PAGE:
THEY were the wars nobody particularly liked to talk about.
And hence many children grew up knowing granddad or dad had fought in World War I or II or the Vietnam war. But little else about their involvement.
I count myself as such a son, with rare comments from my father about his exploits as a signaller and about my uncle Ken, who died fighting the Japanese in New Guinea in World War Two.
There would be mandatory medals and ribbons found in a shoebox in a side drawer or for those who continued to march on Anzac Day, in a glass cabinet taking pride of place next to grandma's treasured china and crystal.
So it was with a great deal of anticipation when I visited the Merredin Military Museum last week, to look over a treasure trove of military gear that "talked" to me about those wars.
My guide was curator and retired farmer and businessman Rob Endersbee, who started the museum in 1992 with fellow farmer Ross Wahlsten, Walgoolan and then Wesfarmers employee Mike Ivey.
The trio had 10 war items between them and gained access to an old railway shed on Great Eastern Highway near the famous Kalgoorlie Bitter water tower.
"It was a personal collection and our wives were happy to see us get rid of what they may have then regarded as junk cluttering up space," Rob recalled.
"Gradually word got around about what we were doing in growing a museum and we got a lot of gear from farmers throughout the district and surrounding towns, which really underlined the amount of gear out here during World War Two."
In fact, Merredin was regarded as a first line of defence against the Japanese with the thinking at the time (erroneously) that aircraft from Japanese aircraft carriers, couldn't reach Merredin.
"Nungarin was a huge base along with the air force base at Merredin and there were a lot of munitions depots throughout the districts," Rob said.
"One of the old tin aircraft hangars, which was also used to store military equipment, is still being used today by local manufacturer Laurie Phillips."
Seven display rooms make up the museum with a restoration shed, which also houses trucks, jeeps and artillery guns, rocket launchers and a field kitchen, used in World War One.
Volunteer "Dave", a former Armoured Personnel Carrier (APC) driver in the Australian Army, is the museum's official restorer and is busy most days "re-birthing" vehicles by fixing starter motors, or replacing worn radiator hoses, etc.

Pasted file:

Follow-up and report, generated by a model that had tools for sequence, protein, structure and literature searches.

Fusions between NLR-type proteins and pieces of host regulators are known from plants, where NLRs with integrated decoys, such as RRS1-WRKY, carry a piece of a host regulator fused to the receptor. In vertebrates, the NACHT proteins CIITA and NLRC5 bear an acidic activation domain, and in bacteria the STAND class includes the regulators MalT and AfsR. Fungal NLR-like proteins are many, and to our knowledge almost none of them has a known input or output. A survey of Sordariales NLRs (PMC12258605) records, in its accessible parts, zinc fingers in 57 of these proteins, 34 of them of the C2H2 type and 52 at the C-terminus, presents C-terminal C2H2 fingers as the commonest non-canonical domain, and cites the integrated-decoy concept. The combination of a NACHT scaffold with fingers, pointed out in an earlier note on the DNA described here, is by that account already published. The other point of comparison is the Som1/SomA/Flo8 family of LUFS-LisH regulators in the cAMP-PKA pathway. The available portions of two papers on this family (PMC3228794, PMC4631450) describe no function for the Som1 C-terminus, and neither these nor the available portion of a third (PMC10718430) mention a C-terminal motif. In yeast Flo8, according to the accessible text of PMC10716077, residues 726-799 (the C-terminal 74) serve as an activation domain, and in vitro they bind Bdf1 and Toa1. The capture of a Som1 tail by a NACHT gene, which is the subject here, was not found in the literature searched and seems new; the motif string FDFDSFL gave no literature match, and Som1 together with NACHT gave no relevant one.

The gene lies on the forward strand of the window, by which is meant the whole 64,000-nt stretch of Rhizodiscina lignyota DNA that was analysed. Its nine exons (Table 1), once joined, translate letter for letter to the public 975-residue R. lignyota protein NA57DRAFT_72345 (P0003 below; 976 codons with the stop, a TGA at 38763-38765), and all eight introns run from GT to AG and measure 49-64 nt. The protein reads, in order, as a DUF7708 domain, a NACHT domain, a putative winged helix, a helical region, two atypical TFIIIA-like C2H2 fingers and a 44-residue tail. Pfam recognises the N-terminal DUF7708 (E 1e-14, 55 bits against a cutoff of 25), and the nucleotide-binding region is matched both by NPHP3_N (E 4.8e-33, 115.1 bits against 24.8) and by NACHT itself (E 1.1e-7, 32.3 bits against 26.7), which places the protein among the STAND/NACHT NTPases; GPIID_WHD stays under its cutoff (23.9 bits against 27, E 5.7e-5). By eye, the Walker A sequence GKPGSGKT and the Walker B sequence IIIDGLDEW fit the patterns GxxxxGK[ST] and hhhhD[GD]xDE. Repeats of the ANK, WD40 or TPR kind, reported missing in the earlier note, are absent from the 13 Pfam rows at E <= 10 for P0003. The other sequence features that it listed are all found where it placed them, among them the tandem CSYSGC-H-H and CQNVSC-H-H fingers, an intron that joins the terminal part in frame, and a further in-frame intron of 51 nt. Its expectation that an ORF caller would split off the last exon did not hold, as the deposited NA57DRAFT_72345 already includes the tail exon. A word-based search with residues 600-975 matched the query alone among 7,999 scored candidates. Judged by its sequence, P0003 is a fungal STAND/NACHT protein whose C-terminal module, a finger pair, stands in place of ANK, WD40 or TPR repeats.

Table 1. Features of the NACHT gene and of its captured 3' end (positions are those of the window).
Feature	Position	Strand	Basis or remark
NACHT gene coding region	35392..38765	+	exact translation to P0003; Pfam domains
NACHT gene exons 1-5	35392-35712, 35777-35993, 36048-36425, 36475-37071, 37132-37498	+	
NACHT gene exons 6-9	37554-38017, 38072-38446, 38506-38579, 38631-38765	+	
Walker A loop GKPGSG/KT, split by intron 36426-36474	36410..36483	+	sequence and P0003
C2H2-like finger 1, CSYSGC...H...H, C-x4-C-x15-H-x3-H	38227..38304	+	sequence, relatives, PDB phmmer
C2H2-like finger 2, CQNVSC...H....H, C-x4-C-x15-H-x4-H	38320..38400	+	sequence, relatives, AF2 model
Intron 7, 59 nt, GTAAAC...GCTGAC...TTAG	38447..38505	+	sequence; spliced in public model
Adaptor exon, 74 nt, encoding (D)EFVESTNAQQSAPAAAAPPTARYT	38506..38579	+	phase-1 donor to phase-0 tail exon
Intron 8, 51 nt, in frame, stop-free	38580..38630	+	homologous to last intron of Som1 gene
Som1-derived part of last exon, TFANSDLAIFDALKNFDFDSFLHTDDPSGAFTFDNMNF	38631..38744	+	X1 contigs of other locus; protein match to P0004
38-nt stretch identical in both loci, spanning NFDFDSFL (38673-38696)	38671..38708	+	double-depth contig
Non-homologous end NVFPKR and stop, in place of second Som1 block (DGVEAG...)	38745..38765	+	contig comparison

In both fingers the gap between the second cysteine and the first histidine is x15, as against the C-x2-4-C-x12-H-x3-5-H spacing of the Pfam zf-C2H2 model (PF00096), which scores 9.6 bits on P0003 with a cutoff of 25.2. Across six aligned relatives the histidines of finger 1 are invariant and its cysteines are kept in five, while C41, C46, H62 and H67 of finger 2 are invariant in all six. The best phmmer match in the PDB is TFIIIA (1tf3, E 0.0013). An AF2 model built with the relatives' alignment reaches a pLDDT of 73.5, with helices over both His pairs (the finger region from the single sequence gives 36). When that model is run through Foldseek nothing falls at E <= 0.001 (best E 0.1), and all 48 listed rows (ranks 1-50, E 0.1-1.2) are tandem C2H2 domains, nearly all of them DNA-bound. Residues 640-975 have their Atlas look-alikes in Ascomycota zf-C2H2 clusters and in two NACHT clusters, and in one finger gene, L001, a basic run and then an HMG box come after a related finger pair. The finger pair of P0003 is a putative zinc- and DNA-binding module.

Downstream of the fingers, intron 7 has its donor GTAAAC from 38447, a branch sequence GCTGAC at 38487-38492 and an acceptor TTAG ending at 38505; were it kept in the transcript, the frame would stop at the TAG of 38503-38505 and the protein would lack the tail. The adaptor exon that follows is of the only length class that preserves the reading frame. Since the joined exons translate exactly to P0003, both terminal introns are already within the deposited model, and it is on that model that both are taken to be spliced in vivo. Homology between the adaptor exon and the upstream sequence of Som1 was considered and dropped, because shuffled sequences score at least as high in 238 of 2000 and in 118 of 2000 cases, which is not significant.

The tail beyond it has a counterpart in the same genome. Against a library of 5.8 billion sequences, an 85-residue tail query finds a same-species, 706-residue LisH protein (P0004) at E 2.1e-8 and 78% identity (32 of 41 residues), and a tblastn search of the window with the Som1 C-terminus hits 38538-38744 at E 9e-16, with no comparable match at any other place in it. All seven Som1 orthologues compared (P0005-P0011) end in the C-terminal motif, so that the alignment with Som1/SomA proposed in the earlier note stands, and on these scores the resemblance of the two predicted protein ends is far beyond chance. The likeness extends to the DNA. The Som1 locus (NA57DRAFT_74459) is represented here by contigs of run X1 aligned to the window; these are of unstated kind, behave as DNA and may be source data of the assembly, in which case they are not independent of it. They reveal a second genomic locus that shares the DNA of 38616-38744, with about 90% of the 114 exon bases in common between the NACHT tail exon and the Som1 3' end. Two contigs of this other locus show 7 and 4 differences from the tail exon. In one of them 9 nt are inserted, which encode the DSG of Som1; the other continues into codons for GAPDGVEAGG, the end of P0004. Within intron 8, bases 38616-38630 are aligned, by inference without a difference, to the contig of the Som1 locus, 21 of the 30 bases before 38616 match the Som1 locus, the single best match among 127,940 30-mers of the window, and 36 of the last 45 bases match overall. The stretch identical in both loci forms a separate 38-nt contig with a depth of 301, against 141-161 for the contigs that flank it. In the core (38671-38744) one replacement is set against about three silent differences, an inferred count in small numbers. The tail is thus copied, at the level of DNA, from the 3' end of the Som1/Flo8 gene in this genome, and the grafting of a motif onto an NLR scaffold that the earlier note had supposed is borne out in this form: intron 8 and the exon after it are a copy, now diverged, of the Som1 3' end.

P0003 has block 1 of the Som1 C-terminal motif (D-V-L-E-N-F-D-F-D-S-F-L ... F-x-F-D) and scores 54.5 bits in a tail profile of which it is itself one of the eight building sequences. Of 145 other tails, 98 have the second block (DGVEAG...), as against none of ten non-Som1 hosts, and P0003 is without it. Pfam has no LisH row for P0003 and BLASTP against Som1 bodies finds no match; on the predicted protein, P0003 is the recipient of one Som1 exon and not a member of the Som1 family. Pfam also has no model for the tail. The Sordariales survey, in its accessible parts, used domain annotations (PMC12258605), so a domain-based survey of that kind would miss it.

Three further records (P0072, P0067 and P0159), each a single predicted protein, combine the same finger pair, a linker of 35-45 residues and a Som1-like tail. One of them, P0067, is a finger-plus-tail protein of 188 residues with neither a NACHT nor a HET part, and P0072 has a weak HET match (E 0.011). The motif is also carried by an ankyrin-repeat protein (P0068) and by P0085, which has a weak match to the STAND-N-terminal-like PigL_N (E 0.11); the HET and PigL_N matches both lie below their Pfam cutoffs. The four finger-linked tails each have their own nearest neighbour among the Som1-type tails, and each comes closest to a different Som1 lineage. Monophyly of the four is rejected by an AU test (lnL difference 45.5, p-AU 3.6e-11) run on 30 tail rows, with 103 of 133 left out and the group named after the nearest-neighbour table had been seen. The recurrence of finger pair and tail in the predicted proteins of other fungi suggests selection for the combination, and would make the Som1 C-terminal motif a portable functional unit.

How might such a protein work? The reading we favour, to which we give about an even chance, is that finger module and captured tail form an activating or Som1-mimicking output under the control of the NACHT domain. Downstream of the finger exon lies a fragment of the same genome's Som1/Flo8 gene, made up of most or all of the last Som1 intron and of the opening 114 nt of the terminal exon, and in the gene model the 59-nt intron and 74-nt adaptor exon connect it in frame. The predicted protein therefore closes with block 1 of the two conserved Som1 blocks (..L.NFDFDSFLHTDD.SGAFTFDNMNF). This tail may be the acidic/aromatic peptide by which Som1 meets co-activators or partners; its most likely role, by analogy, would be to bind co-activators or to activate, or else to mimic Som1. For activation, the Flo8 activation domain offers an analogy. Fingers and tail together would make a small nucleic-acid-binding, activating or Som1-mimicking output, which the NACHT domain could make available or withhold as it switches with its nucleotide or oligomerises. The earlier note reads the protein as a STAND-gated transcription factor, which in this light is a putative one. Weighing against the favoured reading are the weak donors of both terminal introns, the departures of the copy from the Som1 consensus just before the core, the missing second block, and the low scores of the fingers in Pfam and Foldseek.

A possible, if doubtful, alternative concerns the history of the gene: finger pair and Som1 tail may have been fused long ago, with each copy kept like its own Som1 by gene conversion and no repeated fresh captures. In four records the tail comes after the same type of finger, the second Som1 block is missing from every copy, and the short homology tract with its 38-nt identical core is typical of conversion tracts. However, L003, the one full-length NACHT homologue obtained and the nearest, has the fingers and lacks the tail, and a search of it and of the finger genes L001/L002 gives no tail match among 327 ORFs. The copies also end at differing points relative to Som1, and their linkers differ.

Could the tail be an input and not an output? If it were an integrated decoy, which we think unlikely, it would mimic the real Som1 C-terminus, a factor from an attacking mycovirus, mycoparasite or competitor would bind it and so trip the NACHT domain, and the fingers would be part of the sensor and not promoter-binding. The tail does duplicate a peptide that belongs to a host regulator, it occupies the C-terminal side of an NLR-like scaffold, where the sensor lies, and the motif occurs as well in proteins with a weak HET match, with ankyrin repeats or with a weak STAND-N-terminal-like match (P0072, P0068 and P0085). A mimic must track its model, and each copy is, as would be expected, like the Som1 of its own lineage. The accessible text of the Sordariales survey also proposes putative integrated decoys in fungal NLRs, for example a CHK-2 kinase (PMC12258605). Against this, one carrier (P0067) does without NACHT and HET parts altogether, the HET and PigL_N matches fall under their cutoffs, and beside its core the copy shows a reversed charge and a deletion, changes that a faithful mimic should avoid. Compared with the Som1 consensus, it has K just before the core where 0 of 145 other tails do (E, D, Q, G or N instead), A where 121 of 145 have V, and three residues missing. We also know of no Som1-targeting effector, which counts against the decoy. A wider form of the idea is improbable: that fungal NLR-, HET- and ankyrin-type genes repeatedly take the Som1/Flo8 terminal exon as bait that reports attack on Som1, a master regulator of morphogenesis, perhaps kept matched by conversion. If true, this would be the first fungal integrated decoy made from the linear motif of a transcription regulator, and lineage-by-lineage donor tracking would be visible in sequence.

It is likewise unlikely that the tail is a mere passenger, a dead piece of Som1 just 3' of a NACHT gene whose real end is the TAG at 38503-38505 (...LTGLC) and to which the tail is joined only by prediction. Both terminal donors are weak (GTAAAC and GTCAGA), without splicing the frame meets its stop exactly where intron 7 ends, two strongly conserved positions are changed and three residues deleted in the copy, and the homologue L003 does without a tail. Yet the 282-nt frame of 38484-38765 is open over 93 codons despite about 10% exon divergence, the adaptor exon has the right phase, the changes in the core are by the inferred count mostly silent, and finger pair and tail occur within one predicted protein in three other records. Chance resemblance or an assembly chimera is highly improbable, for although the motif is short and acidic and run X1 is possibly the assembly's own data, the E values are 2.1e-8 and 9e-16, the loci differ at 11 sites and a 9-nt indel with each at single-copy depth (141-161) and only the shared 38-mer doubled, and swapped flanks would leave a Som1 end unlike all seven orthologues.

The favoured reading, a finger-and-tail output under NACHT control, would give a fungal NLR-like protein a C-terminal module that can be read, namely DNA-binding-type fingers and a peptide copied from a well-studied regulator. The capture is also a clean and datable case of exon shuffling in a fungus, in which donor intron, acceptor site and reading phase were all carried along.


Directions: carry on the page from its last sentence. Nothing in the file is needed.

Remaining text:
The display rooms, with glass cabinets housing valuable military artefacts, provide an enlightening history lesson with various types of rifles, bayonets, sten guns, knives, grenades and war "tools", such as military radio transmitters (and a Morse code telegraph machine in working order), compasses, gun ranges, sniper telescopes, eye shields, gas masks, pocket knives (with can opener) and a rare Commando dagger.
Mannequins grace most rooms, wearing uniforms of the day, or in the case of the hospital display, laid out on a stretcher with a bandage around the head and a smattering of red dye.
There's also an array of medals, badges, stripes and epaulettes along with historic photographs, documents and newspaper clippings.
The APC and the "Huey" Iroquois helicopter, are regarded as the two "drawcard" exhibits, positioned in open space near the display rooms.
"We would love to put them under cover but we haven't got the funds," Rob said. "We have had grant money to help us with some exhibits but we have to pay for operational costs such as power and rent and our only income is from tourists and some personal donations some of us have made.
"The Merredin community also helped with donations to buy the Huey and we have had many donations, particularly from farmers.
"But we need funds for operational costs."
Rob mostly tackles his museum duties on Sundays while heading up an Army cadet unit on a weekly basis, which comes under the umbrella of the local Youth Development Program.
But he's happy to open up for "highway tourists" during the week.
He would be ecstatic to see a full-time employee overseeing operations and one can only hope the necessary funds are found to maintain an important part of WA's history.